Ethex and Microgenius are both investment portals that provide information on live community share offers.
The public perception of charities is often that they rely entirely on money given to them through grants or donations. Many charities, however, also generate income by providing services under contracts with public sector bodies, or through trading. And where reliable revenue streams exist, raising debt finance can enable charities to expand their activities and create greater social benefit.
Recently, a number of charities have launched bond issues to raise finance from their supporters and the public, and as an alternative to a secured bank loan. Most of these have been “mini-bonds” which are unlisted and don’t require a prospectus to be approved by the UK Listing Authority. Some mini-bonds are transferable on a matched-bargain basis, and Ethex (mentioned previously) aims to provide a market place to help sellers find buyers. In 2014, Retail Charity Bonds was launched by Allia as an issuing platform to raise finance for charities through bonds listed on a recognised stock exchange. The bonds can be purchased through a broker and can be held in an ISA and traded in a formal secondary market. The first bond, issued in July last year, raised £11m for Golden Lane Housing, a subsidiary of Mencap which provides homes for people with a learning disability.
For investors wanting to make a global impact, two options are investing with Shared Interest or Oikocredit.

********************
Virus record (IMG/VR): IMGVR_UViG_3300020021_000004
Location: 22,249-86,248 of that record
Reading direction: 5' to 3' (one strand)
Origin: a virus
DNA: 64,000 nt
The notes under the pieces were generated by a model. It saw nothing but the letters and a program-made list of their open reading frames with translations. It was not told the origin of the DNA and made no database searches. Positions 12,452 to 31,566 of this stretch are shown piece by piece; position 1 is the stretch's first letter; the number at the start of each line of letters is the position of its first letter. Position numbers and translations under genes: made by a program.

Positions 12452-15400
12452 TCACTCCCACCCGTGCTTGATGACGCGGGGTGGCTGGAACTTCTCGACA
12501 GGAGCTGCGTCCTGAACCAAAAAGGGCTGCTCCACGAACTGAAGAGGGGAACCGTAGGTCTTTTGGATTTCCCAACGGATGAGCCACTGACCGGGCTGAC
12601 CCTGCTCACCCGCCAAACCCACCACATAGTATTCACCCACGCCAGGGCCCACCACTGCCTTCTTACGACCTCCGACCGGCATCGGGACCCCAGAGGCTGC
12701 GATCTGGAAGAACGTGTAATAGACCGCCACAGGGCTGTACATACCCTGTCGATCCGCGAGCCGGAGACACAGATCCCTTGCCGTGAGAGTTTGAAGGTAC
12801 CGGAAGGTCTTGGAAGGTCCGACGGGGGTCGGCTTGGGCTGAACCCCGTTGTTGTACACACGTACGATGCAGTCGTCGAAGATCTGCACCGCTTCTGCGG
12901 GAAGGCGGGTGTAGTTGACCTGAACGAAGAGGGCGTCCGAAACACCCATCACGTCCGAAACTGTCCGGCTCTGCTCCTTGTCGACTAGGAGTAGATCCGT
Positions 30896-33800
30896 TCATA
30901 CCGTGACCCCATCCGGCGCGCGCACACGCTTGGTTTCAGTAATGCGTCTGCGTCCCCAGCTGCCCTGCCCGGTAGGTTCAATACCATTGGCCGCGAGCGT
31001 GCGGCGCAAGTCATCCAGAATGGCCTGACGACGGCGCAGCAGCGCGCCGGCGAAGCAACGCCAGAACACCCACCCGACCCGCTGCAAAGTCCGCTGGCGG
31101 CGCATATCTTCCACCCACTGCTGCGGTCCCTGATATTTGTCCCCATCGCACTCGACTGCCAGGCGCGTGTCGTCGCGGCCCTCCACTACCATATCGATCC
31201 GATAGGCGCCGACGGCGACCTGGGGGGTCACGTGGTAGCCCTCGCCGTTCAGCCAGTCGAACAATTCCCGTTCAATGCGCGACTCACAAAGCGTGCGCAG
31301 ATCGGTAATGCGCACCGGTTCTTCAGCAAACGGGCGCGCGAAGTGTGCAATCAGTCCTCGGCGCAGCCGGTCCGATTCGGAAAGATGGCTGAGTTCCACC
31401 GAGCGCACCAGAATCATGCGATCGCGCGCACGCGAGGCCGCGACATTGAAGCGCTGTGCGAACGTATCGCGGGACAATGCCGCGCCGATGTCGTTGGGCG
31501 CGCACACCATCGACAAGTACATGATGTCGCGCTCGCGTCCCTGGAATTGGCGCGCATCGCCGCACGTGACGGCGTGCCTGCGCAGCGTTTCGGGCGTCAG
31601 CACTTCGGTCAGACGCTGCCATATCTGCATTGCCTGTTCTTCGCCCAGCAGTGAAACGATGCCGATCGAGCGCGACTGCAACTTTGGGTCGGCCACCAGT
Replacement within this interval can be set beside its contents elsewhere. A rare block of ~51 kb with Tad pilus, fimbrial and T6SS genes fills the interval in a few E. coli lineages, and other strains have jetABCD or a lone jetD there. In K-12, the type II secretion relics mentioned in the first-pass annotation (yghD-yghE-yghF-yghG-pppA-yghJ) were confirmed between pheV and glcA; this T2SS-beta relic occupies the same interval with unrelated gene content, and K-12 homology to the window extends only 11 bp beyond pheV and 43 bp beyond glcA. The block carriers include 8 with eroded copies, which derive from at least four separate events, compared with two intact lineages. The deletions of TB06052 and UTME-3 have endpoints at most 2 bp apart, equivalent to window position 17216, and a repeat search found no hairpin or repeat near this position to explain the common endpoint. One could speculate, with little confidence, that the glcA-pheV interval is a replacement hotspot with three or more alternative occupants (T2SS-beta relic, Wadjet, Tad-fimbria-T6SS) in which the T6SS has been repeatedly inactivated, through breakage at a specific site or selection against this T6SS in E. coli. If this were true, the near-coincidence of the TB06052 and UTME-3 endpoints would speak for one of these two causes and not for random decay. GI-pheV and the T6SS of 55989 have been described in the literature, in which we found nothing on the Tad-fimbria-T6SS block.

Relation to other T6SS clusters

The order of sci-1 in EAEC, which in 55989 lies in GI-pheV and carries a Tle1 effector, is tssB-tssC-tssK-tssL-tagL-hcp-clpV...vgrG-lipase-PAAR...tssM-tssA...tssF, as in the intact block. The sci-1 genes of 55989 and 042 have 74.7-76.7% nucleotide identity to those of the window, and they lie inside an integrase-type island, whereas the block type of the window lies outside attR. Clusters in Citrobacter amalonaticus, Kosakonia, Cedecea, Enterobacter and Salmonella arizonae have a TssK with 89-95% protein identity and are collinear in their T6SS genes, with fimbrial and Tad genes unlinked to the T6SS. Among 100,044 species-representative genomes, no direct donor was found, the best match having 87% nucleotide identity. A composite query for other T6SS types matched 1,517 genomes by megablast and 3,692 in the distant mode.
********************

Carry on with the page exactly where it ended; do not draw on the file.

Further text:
Shared Interest lends funds to fair trade organisations around the world, mainly in more remote areas where they are unable to access fair finance. Its borrowers include organisations such as Huatusco, a coffee co-operative in a small rural town in Mexico. Shared Interest offers the opportunity to open a share account from £100. It currently pays 0.5 per cent interest to its shareholders.
Oikocredit is an international co-operative which makes loans and investments to enterprises that help people build sustainable livelihoods in developing countries across the world. Around 20 per cent of its loans and investments go directly into cooperatives and other social enterprises, with the other 80 per cent going to microfinance institutions that provide financial services to people who would otherwise have no access to them. Oikocredit currently pays 2 per cent on investments in its depositary receipts.
Phil Caroe is director of social finance at Allia